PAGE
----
When the wrists are incorrectly positioned at a keyboard, pressure is put on a nerve found in a “tunnel” in the wrists. In that tunnel, as the tendons grow and expand, it can cause inflammation. Symptoms of carpal tunnel syndrome also include a burning sensation in the fingers, or even no feeling at all.
Dr. Guy Smith, medical director of Lafene Health Center, said those who spend a majority of their day sitting at typewriters or computers are most likely to suffer from carpal tunnel syndrome. Also, Smith said, those who use vibratory equipment in their daily jobs, such as jackhammers or other tools associated with construction work, are just as susceptible to the disease.
“The cause of the disease is largely occupational,” said Smith, who sees students on a weekly basis to treat carpal tunnel syndrome.
Beth Unger, vice provost and professor of computing and information sciences, agreed with Smith.”If you use a computer for more than six to seven hours per day, you need to take proper precautions,” Unger said. Smith said those precautions are both inexpensive and effective.”If you can find the associating factor (of the disease), that’s the cheapest treatment,” she said.Smith added that anti-inflammatory creams can take the pressure off the nerve as well.
There are wrist splints that keep the wrist in a neutral position. The cost of these splints usually ranges from $25 to $30, Smith said.
The Department of Computing and Information Sciences is also taking the necessary steps to help prevent carpal tunnel syndrome. Unger ensures all computers in her department are equipped with wrist rests, and said most computers now come with warning labels when they are sold to consumers. These labels warn the consumer about the dangers of incorrect positioning of the wrists while sitting at the keyboard for extended periods of time.
Smith said he sees the new warning labels as a way to educate the public about carpal tunnel syndrome.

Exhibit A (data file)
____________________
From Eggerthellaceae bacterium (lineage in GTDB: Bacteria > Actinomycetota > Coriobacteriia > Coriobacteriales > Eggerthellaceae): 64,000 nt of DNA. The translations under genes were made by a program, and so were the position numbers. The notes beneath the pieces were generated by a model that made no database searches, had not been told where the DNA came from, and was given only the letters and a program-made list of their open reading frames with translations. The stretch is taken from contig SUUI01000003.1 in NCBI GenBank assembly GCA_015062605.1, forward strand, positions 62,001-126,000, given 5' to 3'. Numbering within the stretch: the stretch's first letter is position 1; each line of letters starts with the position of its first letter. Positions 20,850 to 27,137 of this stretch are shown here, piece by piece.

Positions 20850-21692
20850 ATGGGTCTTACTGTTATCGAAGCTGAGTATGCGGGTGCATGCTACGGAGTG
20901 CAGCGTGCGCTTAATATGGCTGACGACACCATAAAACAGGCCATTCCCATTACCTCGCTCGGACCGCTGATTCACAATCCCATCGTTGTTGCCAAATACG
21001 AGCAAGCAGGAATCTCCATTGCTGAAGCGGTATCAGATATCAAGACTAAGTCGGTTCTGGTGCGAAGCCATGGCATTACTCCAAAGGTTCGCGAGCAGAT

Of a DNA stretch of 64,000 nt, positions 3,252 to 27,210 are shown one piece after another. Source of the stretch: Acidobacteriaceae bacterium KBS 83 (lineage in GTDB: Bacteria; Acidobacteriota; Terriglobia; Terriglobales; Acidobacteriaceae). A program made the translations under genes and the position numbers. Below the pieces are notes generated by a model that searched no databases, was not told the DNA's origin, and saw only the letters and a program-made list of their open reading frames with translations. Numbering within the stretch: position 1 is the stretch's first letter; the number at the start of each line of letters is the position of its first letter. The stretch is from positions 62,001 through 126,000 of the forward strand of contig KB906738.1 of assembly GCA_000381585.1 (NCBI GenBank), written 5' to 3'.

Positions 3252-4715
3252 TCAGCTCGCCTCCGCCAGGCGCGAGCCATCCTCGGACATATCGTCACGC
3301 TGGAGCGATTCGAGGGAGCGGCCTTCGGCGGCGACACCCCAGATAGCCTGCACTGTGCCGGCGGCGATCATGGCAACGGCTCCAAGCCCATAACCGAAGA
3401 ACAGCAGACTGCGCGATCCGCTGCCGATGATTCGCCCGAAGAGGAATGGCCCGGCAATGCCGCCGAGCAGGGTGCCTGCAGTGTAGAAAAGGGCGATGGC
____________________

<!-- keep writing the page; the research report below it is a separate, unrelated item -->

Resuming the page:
These precautions and tips add up to making students more aware of carpal tunnel syndrome, and one of Unger’s priorities is to try to protect students from its dangers.
“We educate (students) and try to make available anything to them that would keep them from being susceptible to carpal tunnel syndrome,” Unger said.
Proper position prevents carpel tunnel
1. Adjust your chair
Adjust the height of the chair so your feet are firmly on the floor but not so low that your weight is not evenly distributed over the full seat surface.
Keep your body in a relaxed, yet upright, position. The backrest of your chair should support the inward curve of your lower back.
2.Adjust your keyboard and mouse
To prevent having to reach to the front or side, position the keyboard and pointing device (ex: mouse, trackball, etc.) directly in front and close to you.
Press the keys gently; keep your shoulders, arms, hands and fingers relaxed.
3.Adjust your monitor
Position whatever you are looking at most of the time (either the monitor or paper material) directly in front of you so that you do not have to turn your head to the side while you are typing.
Adjust the monitor height so that the top of the screen is at, or slightly below, eye level. Your eyes should look slightly downward when viewing the middle of the screen.
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